Your family, friends, and caregivers, including children, should also get the influenza
vaccine if you see them frequently, so that they can’t give you the flu.
Unfortunately, the flu shot only protects you from influenza and not the hundreds
of viruses that cause colds and stomach flu.
A good way to avoid all viruses–influenza, colds, and stomach viruses alike –
is to wash your hands frequently. Use soap and warm water and scrub your hands for
15 to 20 seconds (about the time it takes to sing "Happy Birthday" or the alphabet
song). Rinse them well and dry them with a paper towel.
Wash your hands after going to the bathroom, touching someone—including after shaking
hands—and before you eat. You should also wash your hands before you treat any wound
or infected area on your body.
If you don't have access to soap and water, use a hand sanitizer, but make sure
that it contains 60 percent alcohol.
Other easy ways to keep from spreading germs are to cover your nose and mouth with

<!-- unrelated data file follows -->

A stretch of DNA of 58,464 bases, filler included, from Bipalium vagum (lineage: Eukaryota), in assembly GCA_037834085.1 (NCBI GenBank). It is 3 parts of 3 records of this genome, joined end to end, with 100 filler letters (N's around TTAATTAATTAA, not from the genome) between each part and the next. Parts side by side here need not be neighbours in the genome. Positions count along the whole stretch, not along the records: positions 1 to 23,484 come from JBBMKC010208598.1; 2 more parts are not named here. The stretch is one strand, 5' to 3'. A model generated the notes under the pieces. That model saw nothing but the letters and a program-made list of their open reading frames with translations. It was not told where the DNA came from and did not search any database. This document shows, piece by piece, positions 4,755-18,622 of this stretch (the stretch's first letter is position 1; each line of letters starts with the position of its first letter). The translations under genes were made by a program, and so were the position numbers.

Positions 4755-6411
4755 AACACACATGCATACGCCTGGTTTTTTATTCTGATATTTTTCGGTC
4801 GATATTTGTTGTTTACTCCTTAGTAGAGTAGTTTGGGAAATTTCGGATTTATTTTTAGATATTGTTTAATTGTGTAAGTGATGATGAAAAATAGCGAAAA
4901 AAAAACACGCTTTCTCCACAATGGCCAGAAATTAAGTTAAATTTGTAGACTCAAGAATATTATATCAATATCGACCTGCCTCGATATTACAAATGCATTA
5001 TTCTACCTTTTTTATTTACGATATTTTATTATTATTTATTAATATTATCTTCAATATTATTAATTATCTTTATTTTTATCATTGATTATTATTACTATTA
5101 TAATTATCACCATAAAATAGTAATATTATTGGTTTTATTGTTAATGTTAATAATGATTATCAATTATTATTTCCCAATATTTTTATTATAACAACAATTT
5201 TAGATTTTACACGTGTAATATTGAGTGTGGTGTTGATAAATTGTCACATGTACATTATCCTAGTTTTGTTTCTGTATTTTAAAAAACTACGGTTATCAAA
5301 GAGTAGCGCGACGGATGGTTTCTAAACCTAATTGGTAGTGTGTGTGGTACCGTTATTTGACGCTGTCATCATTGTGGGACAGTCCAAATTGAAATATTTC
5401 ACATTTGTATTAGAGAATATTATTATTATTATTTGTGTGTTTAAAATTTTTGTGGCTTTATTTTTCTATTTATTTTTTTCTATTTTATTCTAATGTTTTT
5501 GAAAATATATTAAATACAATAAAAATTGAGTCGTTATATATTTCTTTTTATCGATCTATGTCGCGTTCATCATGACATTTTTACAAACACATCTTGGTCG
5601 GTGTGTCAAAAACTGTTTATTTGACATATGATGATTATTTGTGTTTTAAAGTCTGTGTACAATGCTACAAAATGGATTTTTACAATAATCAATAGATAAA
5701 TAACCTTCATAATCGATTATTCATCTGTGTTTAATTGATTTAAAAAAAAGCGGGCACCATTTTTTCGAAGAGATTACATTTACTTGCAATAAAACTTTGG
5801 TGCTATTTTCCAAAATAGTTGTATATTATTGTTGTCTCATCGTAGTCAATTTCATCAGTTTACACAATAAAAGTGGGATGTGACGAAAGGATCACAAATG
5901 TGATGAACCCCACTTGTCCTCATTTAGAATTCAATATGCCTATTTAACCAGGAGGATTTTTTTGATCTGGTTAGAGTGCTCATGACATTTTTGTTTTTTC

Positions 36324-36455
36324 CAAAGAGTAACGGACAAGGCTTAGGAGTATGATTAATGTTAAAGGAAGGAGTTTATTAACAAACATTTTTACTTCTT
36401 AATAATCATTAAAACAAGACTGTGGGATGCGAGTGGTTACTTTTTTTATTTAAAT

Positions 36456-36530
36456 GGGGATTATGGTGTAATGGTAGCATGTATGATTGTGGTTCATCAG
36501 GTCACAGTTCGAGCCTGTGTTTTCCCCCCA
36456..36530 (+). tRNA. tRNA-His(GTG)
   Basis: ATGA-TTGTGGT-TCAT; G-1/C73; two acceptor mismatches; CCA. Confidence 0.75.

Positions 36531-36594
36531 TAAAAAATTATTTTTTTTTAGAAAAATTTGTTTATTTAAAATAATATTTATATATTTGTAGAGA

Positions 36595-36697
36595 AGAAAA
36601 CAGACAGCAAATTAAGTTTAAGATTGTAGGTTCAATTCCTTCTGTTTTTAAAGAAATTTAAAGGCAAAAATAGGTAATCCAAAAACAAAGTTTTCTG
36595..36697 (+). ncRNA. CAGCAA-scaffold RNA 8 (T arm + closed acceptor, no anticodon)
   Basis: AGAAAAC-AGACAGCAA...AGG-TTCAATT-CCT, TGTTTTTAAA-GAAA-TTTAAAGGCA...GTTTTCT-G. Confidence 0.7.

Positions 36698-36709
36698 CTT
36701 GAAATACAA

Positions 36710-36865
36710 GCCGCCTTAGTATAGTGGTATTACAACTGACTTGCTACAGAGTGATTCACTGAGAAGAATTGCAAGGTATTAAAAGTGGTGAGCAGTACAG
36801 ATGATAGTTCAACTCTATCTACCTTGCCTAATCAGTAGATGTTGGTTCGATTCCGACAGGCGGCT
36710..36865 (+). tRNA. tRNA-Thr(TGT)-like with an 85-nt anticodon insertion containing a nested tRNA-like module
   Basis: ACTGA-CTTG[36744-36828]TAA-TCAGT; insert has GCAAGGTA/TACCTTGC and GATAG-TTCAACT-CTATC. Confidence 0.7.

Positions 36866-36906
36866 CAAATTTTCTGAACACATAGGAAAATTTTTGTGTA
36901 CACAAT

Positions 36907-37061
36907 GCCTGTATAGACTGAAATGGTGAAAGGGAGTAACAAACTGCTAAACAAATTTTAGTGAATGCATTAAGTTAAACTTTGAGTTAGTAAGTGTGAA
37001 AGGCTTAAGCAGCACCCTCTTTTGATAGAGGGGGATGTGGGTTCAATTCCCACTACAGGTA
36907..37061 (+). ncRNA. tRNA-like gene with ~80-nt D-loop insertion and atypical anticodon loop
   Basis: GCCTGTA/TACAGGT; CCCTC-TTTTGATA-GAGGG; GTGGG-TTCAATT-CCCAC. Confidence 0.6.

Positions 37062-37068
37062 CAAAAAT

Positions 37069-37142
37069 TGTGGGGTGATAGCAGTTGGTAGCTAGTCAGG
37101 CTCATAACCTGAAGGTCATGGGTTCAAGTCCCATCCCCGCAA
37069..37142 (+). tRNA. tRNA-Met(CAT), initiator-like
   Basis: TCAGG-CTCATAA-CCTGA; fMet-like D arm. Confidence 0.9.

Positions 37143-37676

a tissue when you cough or sneeze. If you don't have a tissue, cough into your arm
instead of your hands. Also avoid touching your eyes, nose, or mouth.
If you think you have the flu, see your doctor immediately. Your doctor can prescribe
antiviral drugs that shorten flu sickness by a few days, but to be effective, you
must begin them within 48 hours of showing symptoms. You should then stay home until
you feel better, not only to avoid making your illness worse, but also to avoid
spreading the germs.
Postpone visits with friends and family who are sick until they feel better. Keep
a stock of over-the-counter medicines, hand sanitizer, and tissues on hand in case
you get sick. Be sure to consult your physician for a list of over-the-counter medications that will not interfere with your treatment.
Besides washing your hands to avoid gastroenteritis, practice good food safety if
you are getting or have recently finished cancer treatment. Be extra careful when
handling, preparing, and storing food, and wash the counter or surface where you
prepare your food with hot soapy water or antibacterial cleanser.
During the winter, it is important to stay hydrated, so remember to drink lots of
water and other non-caffeinated beverages like juice.
Avoid Extreme Cold Temperatures
Some medications, conditions, and side effects caused by cancer treatment, such
as dehydration, can interfere with your body's temperature, and people who are less
active can have reduced blood flow. In addition, cancer treatments can affect your
nerves, making you less sensitive to extreme temperatures. These put you at risk
for hypothermia and frost bite.